In terms of output, the USSR and Japan account for one-fifth of the world's economy, occupying second and third places behind the United States. Japan has the world's fastest growth of per capita income and the USSR has not lagged far behind. But a century ago they were static feudal societies. This study analyzes the policies which enabled them to transform their economies adn to catch up with the developed world.
The strategies of the two nations adopted have been very different: Japan has maintained small farms and factories, developed a labor-intensive technology, and has successfully penetrated the world export markets. The USSR, on the other hand, has created giant farms and factories adn remained fairly isolated from world trade. Since 1945 teh USSR has devoted one-eighth of her resources to military purposes, Japan practically nothing.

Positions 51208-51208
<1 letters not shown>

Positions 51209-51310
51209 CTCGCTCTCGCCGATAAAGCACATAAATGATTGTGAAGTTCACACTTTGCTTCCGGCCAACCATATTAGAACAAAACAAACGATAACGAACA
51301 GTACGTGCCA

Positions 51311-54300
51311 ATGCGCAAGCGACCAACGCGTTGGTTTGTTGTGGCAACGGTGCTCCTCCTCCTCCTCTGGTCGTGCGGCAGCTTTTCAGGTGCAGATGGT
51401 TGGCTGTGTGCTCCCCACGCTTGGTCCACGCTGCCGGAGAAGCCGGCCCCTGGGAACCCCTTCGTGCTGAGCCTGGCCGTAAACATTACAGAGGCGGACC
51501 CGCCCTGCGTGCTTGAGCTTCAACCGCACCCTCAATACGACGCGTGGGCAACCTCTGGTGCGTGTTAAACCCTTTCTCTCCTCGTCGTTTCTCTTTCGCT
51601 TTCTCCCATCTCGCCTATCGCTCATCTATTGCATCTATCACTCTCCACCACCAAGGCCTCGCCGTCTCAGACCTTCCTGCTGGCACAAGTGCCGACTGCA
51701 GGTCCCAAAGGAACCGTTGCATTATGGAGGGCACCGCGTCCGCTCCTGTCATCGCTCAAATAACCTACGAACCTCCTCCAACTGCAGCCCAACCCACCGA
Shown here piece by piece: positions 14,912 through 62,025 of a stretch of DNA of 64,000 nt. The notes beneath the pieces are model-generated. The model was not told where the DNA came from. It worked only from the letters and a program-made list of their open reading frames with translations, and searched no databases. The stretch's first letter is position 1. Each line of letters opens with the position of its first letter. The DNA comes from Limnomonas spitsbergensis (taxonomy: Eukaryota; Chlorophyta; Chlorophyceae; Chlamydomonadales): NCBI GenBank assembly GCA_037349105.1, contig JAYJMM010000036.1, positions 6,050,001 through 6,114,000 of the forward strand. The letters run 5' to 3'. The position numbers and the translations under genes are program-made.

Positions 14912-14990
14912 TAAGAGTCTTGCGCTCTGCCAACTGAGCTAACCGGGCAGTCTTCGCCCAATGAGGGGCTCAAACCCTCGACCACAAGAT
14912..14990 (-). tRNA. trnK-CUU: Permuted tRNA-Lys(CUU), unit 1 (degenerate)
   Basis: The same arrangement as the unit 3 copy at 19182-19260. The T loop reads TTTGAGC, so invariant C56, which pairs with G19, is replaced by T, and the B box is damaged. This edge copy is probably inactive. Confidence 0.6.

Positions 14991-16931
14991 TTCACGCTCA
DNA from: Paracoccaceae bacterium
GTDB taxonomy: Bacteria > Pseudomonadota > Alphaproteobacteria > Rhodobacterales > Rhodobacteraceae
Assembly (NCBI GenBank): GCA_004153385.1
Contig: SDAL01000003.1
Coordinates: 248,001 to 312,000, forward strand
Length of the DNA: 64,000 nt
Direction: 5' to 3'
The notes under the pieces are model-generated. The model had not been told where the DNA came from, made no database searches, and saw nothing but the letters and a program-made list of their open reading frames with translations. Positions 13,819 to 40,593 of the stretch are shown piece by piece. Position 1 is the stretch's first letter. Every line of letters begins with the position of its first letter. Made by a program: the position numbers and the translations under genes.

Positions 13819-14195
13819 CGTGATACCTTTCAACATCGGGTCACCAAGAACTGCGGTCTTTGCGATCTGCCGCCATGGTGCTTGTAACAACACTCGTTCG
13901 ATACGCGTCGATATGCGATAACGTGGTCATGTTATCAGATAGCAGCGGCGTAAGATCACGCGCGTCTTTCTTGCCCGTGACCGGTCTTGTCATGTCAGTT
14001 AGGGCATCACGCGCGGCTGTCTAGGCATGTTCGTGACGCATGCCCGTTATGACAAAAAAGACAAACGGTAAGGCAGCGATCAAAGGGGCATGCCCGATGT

In Economic Growth in Japan and the USSR, Angus Maddison offers a comparative analysis of the growth experience of these two countries that greatly enlarges our knowledge of the development process. A better understanding of their past experience can be particularly illuminating and relevant for economic policy in developing countries today. This classic text was first published in 1969.
PART 1: JAPAN
1. Tokugawa Japan - a fossilized and closed society
2. The Meiji Period
3. Accelerated Growth 1913-38
4. The Impact of War and Occupation 1938-53
5. 'Explosive' growth since 1953
6. The Significance of the Japanese Experience
PART II: USSR
7. Tsarist Agrarian Reform and Industrialization
8. The Revolution and the Search for an Economic Policy
9. Stalinism and Primitive Accumulation 1928-53
10. The Liberalization of the Soviet Economy
11. The Significance of the Soviet Growth Experience